Incumbent Mark Warner has claimed victory in a Virginia U.S. Senate race some say is still too close to call.
His opponent, Republican Ed Gillespie, held the lead during much of the night’s tallying, but late-posted vote totals in Fairfax County and elsewhere helped Warner close the gap and pull ahead by a very slim margin. Late last night their vote difference was for a time in the hundreds, with the percentage differing by a few hundredths of a percent.
The State Board of Elections‘ final update of the night, which came just before 2am with 99.2 percent of precincts reporting, show Warner with 1,067,342 votes, or 49.11 percent, and Gillespie with 1,050,534, or 48.34 percent. The SBE website was plagued with server problems throughout the night, requiring poll watchers to wait for regularly released PDFs of precinct results and scroll through hundreds of pages to find statewide updates.
It was an unexpectedly narrow margin. Warner, who finished his term as Virginia governor in 2006 with high approval ratings and has remained a popular politician in the Commonwealth, had been the expected winner.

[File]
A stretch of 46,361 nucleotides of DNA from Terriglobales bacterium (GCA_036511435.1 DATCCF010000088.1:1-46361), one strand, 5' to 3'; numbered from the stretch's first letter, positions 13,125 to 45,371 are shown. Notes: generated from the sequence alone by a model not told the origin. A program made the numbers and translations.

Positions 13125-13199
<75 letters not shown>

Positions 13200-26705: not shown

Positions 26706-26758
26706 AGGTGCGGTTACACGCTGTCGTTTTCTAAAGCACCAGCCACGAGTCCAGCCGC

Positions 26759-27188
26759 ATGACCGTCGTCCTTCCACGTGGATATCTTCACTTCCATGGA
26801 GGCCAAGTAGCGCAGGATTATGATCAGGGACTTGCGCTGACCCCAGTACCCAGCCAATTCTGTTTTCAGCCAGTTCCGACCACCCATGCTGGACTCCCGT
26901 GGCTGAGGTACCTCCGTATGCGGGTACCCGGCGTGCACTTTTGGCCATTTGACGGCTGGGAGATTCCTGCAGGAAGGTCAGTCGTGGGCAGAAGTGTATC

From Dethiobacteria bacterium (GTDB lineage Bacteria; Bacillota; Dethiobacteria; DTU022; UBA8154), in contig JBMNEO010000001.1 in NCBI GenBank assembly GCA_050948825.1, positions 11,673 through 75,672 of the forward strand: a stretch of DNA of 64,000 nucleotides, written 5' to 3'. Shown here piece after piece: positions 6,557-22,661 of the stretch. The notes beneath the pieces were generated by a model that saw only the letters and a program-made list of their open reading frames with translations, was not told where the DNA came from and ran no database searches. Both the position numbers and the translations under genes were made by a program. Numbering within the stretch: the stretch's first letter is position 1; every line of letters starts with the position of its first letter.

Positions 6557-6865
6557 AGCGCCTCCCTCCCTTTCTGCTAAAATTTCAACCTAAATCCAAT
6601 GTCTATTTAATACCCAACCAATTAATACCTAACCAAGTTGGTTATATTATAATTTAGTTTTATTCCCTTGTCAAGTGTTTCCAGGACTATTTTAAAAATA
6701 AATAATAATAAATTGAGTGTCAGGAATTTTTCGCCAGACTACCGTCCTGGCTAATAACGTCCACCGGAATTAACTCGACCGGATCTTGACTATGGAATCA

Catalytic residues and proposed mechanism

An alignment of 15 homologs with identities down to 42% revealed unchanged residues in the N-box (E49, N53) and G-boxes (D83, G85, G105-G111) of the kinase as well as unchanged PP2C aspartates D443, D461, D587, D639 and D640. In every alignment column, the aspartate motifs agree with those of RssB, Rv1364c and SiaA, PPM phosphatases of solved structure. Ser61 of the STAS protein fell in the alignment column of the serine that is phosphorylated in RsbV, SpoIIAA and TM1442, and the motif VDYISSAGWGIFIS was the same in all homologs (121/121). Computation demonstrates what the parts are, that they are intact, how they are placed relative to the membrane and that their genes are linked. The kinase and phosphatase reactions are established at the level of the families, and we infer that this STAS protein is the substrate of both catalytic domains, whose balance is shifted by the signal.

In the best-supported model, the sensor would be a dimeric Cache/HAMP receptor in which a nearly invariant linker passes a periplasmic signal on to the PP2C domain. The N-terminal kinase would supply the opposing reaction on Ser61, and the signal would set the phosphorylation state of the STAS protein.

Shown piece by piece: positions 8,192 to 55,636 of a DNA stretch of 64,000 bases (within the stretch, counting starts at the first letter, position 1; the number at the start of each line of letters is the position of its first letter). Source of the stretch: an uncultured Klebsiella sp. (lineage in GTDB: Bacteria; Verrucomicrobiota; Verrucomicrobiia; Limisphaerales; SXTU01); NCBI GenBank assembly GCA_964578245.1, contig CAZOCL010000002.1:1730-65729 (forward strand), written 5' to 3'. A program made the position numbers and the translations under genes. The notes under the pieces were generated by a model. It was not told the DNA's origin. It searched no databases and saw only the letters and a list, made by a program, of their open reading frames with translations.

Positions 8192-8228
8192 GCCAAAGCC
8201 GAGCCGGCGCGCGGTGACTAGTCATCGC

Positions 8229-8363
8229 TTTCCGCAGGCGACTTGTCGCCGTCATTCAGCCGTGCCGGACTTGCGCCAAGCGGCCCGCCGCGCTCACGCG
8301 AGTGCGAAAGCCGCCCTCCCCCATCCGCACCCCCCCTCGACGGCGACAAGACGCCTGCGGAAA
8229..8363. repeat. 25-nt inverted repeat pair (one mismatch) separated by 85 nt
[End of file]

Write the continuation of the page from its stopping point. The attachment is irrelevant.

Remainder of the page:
“It was a hard-fought race,” Warner said his late-night speech. “It went on a little longer than we thought, but we know in Virginia about close races.”
Gillespie has not yet conceded the race, and in his election-night speech, he indicated he would ask for a recount—something Virginia election law allows for when a margin of victory is less than 1 percent.
“Unfortunately some campaigns last longer than others, and I’m going to need a little more hard work,” Gillespie said.
The race for the 5th District House of Representatives race was far less intense. Republican incumbent Robert Hurt easily defended his seat against Democrat Lawrence Gaughan, with Hurt taking nearly 61 percent of the vote to Gaughan’s 36 percent. Libertarian Paul Jones snagged 2 percent, and independent candidate Kenneth Hildebrandt took 1 percent.